• FIG. 10 shows a second embodiment of the memory device according to the present invention. In FIGS. 10 through 23, the same reference numerals are used to describe those components that are identical to the components in FIGS. 7 through 9. In a memory device 100C, the insulation layer 103 and the semiconductor layer 105 are laminated on the substrate 101 one upon the other to form a convex portion that covers the front surface of the gate electrode 102. Also, an electrode pattern is formed in an area including the convex portion on the substrate 101, and the bump of the convex portion divides the electrode pattern into the conductive layer 104 b formed at the top of the convex portion, and the source electrode 104 a and the drain electrode 104 c formed on both sides of the convex portion. Note that the source electrode 104 a, the conductive layer 104 b, and the drain electrode 104 c are electrode layers that are formed separately and each constitutes an independent area. The memory device 100C includes a transistor having the above configuration and a capacitor having the dielectric body 107 held between the upper electrode 106 a and the lower electrode 106 b. Accordingly, the memory device capable of achieving a low error rate, responding at high speed, and being manufactured at low cost can be provided.
  • Note that the gate electrode 102, the source electrode 104 a and the drain electrode 104 c, and the upper electrode 106 a and the lower electrode 106 b are connected to the word line 108 b, the bit line 108 a, and the plate line 108 c, respectively, and the plate line 108 c is given a fixed potential or driven by a pulse. Furthermore, the drain electrode 104 c and the lower electrode 106 b may be integrally molded.
  • FIGS. 11A through 11F show a method of manufacturing the memory device 100C. First, the gate electrode 102 is formed on the substrate 101 (see FIG. 11A). Next, the front surface of the gate electrode 102 is covered with the insulation layer 103 (see FIG. 11B). In addition, the front surface of the insulation layer 103 is covered with the semiconductor layer 105 to form a convex portion (see FIG. 11C). Moreover, the electrode pattern 104 is formed in an area including the convex portion on the substrate 101 (see FIG. 11D). Then, the electrode pattern 104 formed on the side surfaces of the convex portion is removed by etching so as to form the source electrode 104 a, the conductive layer 104 b, and the drain electrode 104 c (see FIG. 1E). After this, the lower electrode 106 b, the dielectric body 107, and the upper electrode 106 a are laminated on the substrate 101 to form a capacitor (see FIG. 11F).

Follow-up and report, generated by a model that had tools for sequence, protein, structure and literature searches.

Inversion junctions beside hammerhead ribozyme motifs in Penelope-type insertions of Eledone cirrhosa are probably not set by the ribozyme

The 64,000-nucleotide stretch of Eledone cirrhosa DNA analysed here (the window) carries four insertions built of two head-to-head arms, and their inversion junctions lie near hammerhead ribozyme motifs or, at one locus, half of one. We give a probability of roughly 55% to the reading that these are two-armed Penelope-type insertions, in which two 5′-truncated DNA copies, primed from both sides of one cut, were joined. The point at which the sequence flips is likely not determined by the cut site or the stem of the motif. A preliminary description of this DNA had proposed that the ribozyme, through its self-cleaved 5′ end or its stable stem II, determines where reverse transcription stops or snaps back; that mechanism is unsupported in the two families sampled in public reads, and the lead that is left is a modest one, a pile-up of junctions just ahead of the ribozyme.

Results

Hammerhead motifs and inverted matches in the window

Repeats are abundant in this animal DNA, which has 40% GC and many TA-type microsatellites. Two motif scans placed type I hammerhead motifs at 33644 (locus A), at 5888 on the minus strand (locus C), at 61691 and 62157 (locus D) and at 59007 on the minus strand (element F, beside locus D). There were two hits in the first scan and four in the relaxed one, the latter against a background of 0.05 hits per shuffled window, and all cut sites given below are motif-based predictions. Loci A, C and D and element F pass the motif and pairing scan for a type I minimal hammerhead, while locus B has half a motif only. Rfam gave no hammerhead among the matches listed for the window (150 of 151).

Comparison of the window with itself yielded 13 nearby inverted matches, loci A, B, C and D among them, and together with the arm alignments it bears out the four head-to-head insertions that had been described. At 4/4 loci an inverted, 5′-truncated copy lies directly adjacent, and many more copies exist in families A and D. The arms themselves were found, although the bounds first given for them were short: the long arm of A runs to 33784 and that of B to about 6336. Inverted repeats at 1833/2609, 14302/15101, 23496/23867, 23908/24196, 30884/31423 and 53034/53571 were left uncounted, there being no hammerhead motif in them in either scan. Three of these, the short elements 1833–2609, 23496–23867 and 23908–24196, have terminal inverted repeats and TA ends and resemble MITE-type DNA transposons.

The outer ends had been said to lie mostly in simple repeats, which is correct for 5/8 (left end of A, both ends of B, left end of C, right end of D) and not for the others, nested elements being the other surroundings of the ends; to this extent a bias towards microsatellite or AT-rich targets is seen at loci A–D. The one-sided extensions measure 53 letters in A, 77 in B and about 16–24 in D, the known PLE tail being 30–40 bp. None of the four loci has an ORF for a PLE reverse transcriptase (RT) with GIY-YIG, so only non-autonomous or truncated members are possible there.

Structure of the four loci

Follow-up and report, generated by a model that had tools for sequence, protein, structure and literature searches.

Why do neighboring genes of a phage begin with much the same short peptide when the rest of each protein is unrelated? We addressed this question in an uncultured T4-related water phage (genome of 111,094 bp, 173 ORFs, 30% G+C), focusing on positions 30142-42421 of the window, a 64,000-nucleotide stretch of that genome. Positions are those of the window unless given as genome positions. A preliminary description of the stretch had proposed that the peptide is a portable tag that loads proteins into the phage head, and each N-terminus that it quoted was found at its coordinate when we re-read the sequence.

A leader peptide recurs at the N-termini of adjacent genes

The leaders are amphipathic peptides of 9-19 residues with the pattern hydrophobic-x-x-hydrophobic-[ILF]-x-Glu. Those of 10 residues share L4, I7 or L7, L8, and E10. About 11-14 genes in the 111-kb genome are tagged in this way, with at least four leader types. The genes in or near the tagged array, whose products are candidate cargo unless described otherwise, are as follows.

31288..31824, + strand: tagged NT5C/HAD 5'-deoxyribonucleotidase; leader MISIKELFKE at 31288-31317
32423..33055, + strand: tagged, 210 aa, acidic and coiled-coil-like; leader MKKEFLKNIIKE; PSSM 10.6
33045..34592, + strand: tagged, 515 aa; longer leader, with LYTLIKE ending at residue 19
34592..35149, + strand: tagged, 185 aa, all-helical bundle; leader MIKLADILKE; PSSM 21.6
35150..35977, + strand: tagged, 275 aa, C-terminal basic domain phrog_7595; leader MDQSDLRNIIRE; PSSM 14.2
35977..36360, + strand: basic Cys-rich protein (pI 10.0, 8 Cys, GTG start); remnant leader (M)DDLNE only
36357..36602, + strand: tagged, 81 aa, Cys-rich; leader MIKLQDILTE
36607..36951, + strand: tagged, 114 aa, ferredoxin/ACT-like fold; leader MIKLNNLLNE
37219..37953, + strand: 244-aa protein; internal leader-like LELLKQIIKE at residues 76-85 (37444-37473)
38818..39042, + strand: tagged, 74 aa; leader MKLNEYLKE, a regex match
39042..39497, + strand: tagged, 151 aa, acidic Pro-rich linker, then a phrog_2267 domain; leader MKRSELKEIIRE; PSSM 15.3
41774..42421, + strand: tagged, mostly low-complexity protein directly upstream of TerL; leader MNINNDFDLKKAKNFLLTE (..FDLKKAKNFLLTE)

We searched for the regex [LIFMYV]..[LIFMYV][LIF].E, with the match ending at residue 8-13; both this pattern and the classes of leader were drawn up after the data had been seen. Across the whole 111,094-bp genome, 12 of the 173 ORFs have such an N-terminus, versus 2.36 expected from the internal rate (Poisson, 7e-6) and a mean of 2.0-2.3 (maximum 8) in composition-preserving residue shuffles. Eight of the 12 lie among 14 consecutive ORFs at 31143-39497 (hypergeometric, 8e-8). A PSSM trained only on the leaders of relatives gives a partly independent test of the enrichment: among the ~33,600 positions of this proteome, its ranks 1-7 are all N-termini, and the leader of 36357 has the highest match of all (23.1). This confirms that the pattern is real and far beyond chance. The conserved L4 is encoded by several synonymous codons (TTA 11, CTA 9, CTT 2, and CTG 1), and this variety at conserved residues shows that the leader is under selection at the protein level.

• Note that, in the memory device 100C, the semiconductor layer 105 may be formed between the substrate 101 and the source electrode 104 a and between the substrate 101 and the drain electrode 104 c as in a memory device 100D (see FIG. 12). Furthermore, in the memory device 100C, the insulation layer 103 may be formed between the substrate 101 and the source electrode 104 a and between the substrate 101 and the drain electrode 014 c as in the memory device 100B.
  • FIG. 13 shows a third embodiment of the memory device according to the present invention. A memory device 100E has a concave portion formed in the substrate 101. Also, an electrode pattern is formed in an area including the concave portion on the substrate 101, and the bump of the concave portion divides the electrode pattern into the conductive layer 104 b formed at the bottom of the concave portion, and the source electrode 104 a and the drain electrode 104 c formed on both sides of the concave portion. Note that the source electrode 104 a, the conductive layer 104 b, and the drain electrode 104 c are electrode layers that are formed separately and each constitutes an independent area. Furthermore, the concave portion having the conductive layer 104 b is covered with the semiconductor layer 105, the insulation layer 103, and the gate electrode 102 laminated one upon another. The memory device 100E includes a transistor having the above configuration and a capacitor having the dielectric body 107 held between the upper electrode 106 a and the lower electrode 106 b. Accordingly, the memory device capable of achieving a low error rate, responding at high speed, and being manufactured at low cost can be provided.